As he was earlier asked by the guards to confirm the Ghost’s reality (“He may approve our eyes”, 1.1), Horatio is recruited by Hamlet in 3.2 to test the spirit’s truthfulness by observing King Claudius’ reaction to The Murder of Gonzago: “Observe mine uncle.” The prince has confided in Horatio that the play will include a scene that “comes near the circumstance / Which I have told thee of my father's death.”

After a “marvelous distempered” Claudius has fled the performance, the prince tells Horatio: “I’ll take the ghost’s word for a thousand pound.” But Horatio seems unconvinced, remarking only of the king’s reaction that: “I did very well note him.” It seems just as likely that it was the prince’s public threat to Claudius’ life through the character of Lucianus (“nephew to the king”) that prompted his uncle’s panicked response.

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To Horatio at the play-within-a-play, #Hamlet reveals his love for the life of an actor in theater.

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SOME KEY ESSAY TOPICS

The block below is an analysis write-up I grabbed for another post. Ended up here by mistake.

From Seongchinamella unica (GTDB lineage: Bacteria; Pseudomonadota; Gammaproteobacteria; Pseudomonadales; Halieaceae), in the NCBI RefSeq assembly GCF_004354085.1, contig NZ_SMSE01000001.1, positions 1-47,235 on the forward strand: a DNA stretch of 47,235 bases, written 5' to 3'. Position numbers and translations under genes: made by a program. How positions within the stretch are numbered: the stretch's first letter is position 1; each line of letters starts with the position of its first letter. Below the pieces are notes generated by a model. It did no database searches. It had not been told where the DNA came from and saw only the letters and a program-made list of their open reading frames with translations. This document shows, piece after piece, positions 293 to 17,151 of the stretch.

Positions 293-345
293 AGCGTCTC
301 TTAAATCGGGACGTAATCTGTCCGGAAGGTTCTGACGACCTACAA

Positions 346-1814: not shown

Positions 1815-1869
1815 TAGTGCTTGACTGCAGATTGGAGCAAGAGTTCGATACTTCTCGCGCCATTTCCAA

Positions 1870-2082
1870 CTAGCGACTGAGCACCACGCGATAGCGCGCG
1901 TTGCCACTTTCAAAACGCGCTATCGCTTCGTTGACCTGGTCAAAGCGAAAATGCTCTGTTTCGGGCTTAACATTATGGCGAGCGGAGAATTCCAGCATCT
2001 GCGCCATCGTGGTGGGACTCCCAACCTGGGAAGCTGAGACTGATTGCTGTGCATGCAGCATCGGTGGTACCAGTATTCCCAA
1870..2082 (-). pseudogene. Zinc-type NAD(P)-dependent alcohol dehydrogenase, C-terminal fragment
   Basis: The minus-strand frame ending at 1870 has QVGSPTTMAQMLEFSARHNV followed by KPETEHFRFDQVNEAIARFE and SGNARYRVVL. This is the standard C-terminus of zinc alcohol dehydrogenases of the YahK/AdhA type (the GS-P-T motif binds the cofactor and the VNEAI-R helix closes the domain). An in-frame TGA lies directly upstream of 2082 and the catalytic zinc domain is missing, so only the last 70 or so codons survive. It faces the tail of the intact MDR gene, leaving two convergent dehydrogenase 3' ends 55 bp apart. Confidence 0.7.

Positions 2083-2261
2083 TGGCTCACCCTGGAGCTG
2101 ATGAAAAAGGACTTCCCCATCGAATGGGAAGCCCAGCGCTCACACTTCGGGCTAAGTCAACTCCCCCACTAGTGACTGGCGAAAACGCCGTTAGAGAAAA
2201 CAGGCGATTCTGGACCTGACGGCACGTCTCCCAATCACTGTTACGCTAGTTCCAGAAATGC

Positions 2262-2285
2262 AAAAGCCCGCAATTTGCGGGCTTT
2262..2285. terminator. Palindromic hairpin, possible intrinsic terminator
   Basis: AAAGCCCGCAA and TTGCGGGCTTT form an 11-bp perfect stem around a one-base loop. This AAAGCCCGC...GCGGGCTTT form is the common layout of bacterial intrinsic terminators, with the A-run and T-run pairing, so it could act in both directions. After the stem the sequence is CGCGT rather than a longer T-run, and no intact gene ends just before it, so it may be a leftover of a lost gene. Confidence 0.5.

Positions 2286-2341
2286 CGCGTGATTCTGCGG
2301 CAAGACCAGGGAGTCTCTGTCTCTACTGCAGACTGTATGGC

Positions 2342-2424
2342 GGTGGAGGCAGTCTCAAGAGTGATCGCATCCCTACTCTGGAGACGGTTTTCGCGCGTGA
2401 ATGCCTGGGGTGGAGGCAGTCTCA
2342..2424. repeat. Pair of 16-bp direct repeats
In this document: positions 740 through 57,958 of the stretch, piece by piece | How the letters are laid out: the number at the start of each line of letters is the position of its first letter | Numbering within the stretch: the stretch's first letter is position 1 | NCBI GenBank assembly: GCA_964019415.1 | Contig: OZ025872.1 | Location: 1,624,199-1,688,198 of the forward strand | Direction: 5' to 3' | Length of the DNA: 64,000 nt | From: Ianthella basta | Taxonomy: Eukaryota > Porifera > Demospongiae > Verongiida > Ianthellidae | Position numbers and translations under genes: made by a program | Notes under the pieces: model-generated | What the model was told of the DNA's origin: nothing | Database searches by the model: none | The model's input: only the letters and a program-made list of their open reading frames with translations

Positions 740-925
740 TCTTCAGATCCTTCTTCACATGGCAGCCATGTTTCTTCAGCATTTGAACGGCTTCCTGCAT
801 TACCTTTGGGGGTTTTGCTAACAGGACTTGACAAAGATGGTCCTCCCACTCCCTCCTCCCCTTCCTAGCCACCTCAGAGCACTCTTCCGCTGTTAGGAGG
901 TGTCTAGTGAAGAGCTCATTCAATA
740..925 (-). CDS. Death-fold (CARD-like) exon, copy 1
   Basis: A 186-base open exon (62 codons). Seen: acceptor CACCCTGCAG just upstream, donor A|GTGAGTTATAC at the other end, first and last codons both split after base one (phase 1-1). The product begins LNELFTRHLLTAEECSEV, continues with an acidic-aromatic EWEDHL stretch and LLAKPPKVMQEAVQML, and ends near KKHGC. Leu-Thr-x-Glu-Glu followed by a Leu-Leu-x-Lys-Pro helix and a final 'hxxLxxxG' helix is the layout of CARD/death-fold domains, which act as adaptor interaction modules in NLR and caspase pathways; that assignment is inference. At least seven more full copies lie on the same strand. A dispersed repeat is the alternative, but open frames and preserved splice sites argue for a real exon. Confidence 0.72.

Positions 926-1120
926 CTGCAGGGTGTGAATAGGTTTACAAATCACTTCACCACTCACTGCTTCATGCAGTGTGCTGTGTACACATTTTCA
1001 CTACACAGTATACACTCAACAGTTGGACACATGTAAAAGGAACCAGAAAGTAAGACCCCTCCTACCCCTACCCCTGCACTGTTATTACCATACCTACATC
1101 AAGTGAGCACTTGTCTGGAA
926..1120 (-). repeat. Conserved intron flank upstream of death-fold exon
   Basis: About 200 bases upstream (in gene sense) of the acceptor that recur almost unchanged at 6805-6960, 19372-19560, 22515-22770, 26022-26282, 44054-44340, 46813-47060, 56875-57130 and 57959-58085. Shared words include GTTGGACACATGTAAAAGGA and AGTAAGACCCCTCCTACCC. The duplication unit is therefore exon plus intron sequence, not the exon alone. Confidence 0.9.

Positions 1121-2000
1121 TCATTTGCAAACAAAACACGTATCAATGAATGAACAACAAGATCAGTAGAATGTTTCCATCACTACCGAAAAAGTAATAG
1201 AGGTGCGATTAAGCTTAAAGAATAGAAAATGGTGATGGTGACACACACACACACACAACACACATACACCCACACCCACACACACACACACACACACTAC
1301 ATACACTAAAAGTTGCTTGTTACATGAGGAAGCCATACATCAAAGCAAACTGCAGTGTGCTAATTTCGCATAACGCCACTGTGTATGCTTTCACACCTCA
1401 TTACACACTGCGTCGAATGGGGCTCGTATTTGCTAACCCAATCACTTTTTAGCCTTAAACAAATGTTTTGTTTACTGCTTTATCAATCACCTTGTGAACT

• “My lord, you once did love me” (3.1)—Hamlet rebuffs Rosencrantz’s attempt to restore their friendship, and later calls him a “sponge” who “soaks up the king’s … rewards” (4.2).
  • In contrast, and without fear of betrayal, the prince shares with Horatio the Ghost’s account of his father’s poisoning in the palace orchard. And, later, of his substitution of Claudius’ sealed commission to the English king with his own forged version.
  • Hamlet’s comment to Horatio about “get me a fellowship in a cry of players” (3.2) reveals the prince’s love for the life of an actor in the theater.
  • We the audience hear the king’s later confession (“a brother’s murder”, 3.3) but Hamlet never does. And we remain unsure what Horatio knows of his friend's “rash and bloody” (3.4) stabbing of Polonius.

Key Supporting Quotes

25
quotations from the play to support your statements.

4

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Hamlet: Model
Essays for Students

325 pages
90,000 words
42 sample essays

$19.99 Paperback
$9.99 Ebook

Hamlet’s story to Horatio of the pirate rescue

“Thieves of mercy”

Hamlet’s choice of Elsinore graveyard as his meeting venue with Horatio suggests his fatalistic acceptance that Claudius “will work him / To an exploit” (4.7) the prince is unlikely to survive. As he tells his trusted confidant: “thou wouldst not think how ill all’s here about my heart. But it is no matter” (5.2).